City-County councilors to consider Indianapolis police budget


INDIANAPOLIS — At a ballpark figure of $261 million, IMPD’s proposed 2021 budget eats up nearly 30% of Indianapolis’ municipal spending plan for 2021.

Wednesday night, City-County councilors will hold a public hearing on the proposed budget that includes a $7.7 million increase over last year.

The addition of body worn cameras, dash cams, new police vehicles and enhanced computer aided dispatch and video surveillance systems account for some of the increase.

“Public safety is always expensive,” said Republican Councilman Paul Annee of the Public Safety & Criminal Justice Committee, “but when you take a look at what’s going on around the country, what’s going on here around Indianapolis, it has to be that way.”

Social justice protests this spring that gave way to rioting led to calls to “defund the police” in Indianapolis.

“If you take a look at the budget that IMPD is proposing, they’re not taking any cut, they’re getting some additional funding, so, it’s very important. We have to continue to fund public safety,” said Annee. “We have to make an investment in public safety. Indianapolis can’t defund the police, we can’t defund public safety, and it looks like we’re not going to in 2021.”

The Council’s Democrat led majority has already said it will not cut IMPD’s budget.

Mat Davis of the Indiana Racial Justice Alliance told FOX59 that the proposed budget doesn’t account for what he called “reconciliation or reckoning” for past IMPD actions that include two fatal officer involved shootings in May and offers “no critical dialog” on changing police behavior toward the community.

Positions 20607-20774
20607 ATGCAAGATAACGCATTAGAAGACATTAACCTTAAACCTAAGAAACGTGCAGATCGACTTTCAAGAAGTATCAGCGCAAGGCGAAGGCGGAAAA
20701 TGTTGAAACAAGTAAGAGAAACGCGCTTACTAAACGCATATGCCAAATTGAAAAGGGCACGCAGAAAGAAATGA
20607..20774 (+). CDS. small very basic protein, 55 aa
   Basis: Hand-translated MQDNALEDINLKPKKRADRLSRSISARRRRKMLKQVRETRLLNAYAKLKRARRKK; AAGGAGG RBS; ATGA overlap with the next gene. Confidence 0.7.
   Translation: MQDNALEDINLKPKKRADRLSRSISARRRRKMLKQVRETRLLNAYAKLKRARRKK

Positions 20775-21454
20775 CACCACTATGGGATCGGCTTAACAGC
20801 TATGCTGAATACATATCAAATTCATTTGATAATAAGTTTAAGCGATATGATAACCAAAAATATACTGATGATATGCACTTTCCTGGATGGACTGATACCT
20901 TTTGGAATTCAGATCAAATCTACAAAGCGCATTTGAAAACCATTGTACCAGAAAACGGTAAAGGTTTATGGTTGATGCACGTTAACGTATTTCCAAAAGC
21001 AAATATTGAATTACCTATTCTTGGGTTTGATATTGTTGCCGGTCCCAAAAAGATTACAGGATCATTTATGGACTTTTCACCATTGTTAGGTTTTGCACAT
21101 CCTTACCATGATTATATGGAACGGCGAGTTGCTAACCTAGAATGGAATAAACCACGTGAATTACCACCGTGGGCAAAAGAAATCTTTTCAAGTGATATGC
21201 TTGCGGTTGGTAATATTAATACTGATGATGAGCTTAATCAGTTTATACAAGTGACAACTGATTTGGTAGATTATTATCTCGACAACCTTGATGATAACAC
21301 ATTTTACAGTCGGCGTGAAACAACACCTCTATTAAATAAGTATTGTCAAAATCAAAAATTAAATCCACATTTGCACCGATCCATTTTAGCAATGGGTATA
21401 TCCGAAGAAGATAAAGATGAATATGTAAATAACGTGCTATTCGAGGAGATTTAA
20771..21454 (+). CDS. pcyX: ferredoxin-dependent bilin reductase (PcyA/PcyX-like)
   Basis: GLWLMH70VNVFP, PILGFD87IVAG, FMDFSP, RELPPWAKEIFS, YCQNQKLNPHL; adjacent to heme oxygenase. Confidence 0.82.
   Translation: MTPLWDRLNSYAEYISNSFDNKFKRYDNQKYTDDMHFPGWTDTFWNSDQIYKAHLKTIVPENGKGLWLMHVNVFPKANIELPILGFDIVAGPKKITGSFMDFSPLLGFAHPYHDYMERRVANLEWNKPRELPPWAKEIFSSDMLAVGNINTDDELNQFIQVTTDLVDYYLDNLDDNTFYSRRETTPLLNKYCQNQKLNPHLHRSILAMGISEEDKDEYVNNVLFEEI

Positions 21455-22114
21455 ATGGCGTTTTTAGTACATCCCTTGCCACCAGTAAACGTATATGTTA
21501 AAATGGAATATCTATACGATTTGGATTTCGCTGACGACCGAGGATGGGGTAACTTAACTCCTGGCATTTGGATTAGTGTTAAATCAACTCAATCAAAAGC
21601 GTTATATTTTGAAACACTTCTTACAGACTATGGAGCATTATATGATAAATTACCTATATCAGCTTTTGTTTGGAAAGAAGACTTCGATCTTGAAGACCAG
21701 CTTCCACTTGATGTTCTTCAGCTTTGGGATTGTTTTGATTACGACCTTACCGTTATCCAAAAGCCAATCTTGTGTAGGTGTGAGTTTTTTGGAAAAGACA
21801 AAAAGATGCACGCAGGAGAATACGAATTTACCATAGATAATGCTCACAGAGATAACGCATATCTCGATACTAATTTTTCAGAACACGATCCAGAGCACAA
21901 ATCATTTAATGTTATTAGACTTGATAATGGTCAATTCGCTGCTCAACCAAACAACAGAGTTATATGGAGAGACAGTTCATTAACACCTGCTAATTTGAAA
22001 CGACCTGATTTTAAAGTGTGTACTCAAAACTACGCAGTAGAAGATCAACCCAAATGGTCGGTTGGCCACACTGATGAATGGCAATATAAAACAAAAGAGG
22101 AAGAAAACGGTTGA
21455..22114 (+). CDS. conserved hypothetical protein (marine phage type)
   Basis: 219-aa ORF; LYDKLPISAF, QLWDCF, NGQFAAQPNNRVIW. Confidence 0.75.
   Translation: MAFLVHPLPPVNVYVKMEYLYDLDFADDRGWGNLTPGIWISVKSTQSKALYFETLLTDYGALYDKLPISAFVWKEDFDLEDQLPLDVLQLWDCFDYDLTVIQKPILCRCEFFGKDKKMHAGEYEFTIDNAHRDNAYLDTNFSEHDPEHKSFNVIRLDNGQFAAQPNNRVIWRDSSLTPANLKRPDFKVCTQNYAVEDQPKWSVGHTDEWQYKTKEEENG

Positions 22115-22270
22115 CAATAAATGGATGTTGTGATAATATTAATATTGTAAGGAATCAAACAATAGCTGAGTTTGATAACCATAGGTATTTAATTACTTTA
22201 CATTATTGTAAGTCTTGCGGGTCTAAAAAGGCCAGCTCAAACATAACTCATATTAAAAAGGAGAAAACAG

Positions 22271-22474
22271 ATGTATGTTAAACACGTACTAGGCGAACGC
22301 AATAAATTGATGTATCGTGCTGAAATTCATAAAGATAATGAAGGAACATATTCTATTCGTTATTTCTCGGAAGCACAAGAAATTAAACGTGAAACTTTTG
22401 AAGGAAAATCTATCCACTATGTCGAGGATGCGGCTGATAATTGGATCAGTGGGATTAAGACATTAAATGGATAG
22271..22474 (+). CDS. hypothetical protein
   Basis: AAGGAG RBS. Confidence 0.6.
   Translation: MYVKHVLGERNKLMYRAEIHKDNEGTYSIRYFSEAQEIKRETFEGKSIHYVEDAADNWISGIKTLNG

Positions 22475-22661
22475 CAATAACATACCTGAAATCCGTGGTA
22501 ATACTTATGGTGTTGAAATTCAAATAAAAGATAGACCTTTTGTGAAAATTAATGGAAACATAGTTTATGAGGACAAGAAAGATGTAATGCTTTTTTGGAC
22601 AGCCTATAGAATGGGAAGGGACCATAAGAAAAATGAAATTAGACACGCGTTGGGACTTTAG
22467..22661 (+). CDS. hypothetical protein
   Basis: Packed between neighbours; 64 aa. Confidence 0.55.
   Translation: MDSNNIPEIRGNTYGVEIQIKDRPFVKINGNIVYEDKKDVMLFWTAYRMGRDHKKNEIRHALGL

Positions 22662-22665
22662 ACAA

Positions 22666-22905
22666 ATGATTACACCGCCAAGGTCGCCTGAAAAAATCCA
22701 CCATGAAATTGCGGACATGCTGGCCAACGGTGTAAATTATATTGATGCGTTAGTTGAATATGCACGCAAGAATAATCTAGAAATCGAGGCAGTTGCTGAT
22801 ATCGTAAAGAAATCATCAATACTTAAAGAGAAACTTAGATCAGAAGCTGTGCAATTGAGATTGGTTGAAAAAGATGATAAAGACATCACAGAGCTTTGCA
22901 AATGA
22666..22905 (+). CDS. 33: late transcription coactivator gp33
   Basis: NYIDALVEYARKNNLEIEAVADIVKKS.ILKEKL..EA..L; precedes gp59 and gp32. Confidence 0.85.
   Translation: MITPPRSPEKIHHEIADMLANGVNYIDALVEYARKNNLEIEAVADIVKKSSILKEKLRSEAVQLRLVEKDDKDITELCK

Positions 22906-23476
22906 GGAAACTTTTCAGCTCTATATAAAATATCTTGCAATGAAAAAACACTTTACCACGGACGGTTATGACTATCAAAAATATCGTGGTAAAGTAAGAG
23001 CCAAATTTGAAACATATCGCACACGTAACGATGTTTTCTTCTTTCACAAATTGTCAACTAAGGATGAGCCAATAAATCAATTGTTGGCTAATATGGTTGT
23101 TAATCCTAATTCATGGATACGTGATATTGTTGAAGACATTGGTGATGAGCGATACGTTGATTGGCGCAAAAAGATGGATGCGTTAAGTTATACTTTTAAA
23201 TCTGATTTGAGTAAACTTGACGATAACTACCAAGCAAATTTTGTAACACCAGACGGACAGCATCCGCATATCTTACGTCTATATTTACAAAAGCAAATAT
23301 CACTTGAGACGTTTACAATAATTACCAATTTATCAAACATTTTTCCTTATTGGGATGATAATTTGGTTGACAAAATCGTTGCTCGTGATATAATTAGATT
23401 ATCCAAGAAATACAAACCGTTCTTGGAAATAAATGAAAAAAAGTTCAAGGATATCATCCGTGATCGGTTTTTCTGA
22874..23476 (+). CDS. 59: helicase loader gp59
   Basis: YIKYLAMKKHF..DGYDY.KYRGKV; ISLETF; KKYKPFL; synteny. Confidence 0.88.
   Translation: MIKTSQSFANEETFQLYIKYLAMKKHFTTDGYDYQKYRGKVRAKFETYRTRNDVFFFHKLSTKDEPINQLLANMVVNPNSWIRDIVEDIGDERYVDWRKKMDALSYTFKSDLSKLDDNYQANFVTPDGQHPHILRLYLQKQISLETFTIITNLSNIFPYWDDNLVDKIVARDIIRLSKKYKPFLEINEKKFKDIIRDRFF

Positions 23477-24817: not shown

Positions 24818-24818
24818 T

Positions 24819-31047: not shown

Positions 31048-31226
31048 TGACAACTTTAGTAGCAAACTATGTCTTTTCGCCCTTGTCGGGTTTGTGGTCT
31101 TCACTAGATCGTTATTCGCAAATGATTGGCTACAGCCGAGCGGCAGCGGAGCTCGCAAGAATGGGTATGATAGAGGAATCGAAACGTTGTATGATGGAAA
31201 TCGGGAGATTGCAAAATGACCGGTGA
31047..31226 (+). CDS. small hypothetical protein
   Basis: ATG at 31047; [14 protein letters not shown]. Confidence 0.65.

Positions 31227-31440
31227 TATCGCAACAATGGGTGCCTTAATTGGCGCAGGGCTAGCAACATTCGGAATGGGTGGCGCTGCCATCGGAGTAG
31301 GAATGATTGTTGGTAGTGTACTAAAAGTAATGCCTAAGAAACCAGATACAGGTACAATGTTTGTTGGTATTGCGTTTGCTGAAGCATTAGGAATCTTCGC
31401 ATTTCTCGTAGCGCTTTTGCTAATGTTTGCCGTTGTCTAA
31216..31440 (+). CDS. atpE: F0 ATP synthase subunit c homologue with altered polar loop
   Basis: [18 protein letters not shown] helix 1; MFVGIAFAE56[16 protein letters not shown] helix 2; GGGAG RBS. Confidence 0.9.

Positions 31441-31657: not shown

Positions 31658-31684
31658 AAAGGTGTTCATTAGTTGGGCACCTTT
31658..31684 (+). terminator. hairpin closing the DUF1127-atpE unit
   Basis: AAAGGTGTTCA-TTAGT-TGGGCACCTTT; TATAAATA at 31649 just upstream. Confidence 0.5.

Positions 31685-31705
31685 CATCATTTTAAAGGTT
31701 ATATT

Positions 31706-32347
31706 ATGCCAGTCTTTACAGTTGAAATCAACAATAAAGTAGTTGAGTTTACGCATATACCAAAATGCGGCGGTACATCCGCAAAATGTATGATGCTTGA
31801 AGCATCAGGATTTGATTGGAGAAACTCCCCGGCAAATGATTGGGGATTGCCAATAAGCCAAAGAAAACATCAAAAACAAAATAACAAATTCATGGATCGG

Mayor Joe Hogsett recognized calls for more crime prevention and social service program spending in the proposed budget while he was also directing IMPD to rewrite its use of force policies and training.

“You can’t have it both ways,” said Annee. “You can’t say you want accountability but also defund the police. That’s the investment we’re talking about. You take a look at body cameras, you take a look at some training enhancements and things, you have to fund and invest in the training and gear and whatnot that we’re looking at in 2021 to increase accountability for the public and for the police themselves.”

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